Jane Brown told delegates at the Royal College of Midwives Conference of the importance of balancing mother's expectations and value of weight-loss to ensure effective dieting during pregnancy.
As part of a session focussed on putting research at the heart of practice, the PhD student from Ulster University explained why midwives need to focus on the motivational impact of their antenatal advice to the 38,000 obese women who give birth every week in the UK.
Brown said: "The motivation of pregnant women to lose weight is based on a combination of their desire to do so and the belief that they genuinely can. As such the role of the midwife in helping strike this balance is crucial."
From her study of first time mothers from Ulster Hospital in Dundonald, Brown identified that while the majority of women did place a very high value on maintaining a 'healthy' weight during pregnancy and did appreciate a good level of midwife support, these were often undermined by very low expectations.
She revealed that 75% of mothers surveyed said they found nutrition during pregnancy "very confusing", highlighting a key area to ensure midwives help inform effectively so that "value=expectancy".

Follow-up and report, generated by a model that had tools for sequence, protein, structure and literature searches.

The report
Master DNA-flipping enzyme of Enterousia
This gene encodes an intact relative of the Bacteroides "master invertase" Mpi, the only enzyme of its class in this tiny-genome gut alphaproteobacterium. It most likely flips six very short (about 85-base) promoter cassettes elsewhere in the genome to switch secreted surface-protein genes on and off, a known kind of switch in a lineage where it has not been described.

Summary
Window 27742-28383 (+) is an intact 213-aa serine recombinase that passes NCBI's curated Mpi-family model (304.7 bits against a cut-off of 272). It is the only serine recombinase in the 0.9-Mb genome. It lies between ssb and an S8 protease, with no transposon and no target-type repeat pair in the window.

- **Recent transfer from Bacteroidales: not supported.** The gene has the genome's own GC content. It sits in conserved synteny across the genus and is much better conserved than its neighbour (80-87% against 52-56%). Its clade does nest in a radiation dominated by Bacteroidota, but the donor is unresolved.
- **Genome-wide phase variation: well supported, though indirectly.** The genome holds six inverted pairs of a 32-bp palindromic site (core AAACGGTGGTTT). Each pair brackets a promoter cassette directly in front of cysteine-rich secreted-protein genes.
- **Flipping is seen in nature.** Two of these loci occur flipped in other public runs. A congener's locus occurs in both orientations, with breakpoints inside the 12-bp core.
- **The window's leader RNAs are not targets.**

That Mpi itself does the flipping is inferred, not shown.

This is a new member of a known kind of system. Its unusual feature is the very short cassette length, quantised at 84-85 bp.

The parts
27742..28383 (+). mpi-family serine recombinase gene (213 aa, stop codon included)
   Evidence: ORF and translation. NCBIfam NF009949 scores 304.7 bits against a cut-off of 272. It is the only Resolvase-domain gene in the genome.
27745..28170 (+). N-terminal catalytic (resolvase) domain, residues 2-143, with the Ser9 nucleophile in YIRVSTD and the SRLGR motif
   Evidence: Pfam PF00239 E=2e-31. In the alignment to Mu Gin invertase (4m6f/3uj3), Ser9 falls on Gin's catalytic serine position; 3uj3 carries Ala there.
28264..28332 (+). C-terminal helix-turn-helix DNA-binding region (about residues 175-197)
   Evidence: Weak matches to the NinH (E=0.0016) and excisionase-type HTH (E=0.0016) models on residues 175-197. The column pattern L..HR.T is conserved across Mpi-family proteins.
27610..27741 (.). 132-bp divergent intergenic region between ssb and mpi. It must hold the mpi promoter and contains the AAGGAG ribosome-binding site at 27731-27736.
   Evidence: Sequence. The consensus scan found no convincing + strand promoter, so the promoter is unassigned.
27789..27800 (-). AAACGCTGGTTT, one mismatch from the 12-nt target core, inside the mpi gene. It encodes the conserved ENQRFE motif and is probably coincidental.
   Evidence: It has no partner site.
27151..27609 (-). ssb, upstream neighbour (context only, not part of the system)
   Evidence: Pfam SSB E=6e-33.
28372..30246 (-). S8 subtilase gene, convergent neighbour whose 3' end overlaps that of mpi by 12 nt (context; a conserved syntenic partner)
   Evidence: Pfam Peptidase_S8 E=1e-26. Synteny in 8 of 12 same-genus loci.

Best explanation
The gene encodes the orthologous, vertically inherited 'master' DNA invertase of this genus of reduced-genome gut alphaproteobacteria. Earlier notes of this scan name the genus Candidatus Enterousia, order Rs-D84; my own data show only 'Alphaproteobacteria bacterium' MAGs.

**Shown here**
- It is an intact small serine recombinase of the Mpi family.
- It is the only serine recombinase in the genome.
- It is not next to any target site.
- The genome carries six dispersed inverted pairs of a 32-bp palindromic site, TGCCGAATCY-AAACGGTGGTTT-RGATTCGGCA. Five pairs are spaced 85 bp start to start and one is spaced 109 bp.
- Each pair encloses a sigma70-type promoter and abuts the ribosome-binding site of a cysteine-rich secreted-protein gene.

In the same session, the Department of Health's lead for Midwifery 2020, suggested that the creation of the Clinical Academic Training Pathway was "a stairway to midwifery heaven".
Ronan McCandish added: "Compassionate care really needs clinical leadership so it's important we encourage the clinical academic midwife who maintains their 'frontline feel' while still improving their practice."
This was further exemplified by Addenbrooke's Trust midwife Anne Marie Winstone's revelation that less than 2% of midwives feel confident talking to women about their antenatal alcohol intake.
She added that it was "shocking" midwives didn't receive more training to identify fetal alcohol spectrum disorder given its potential impact on infant wellbeing.
For more from the RCM Annual Conference follow @journalfhc on Twitter with #rcmconf
Posted 14/11/2012 by firstname.lastname@example.org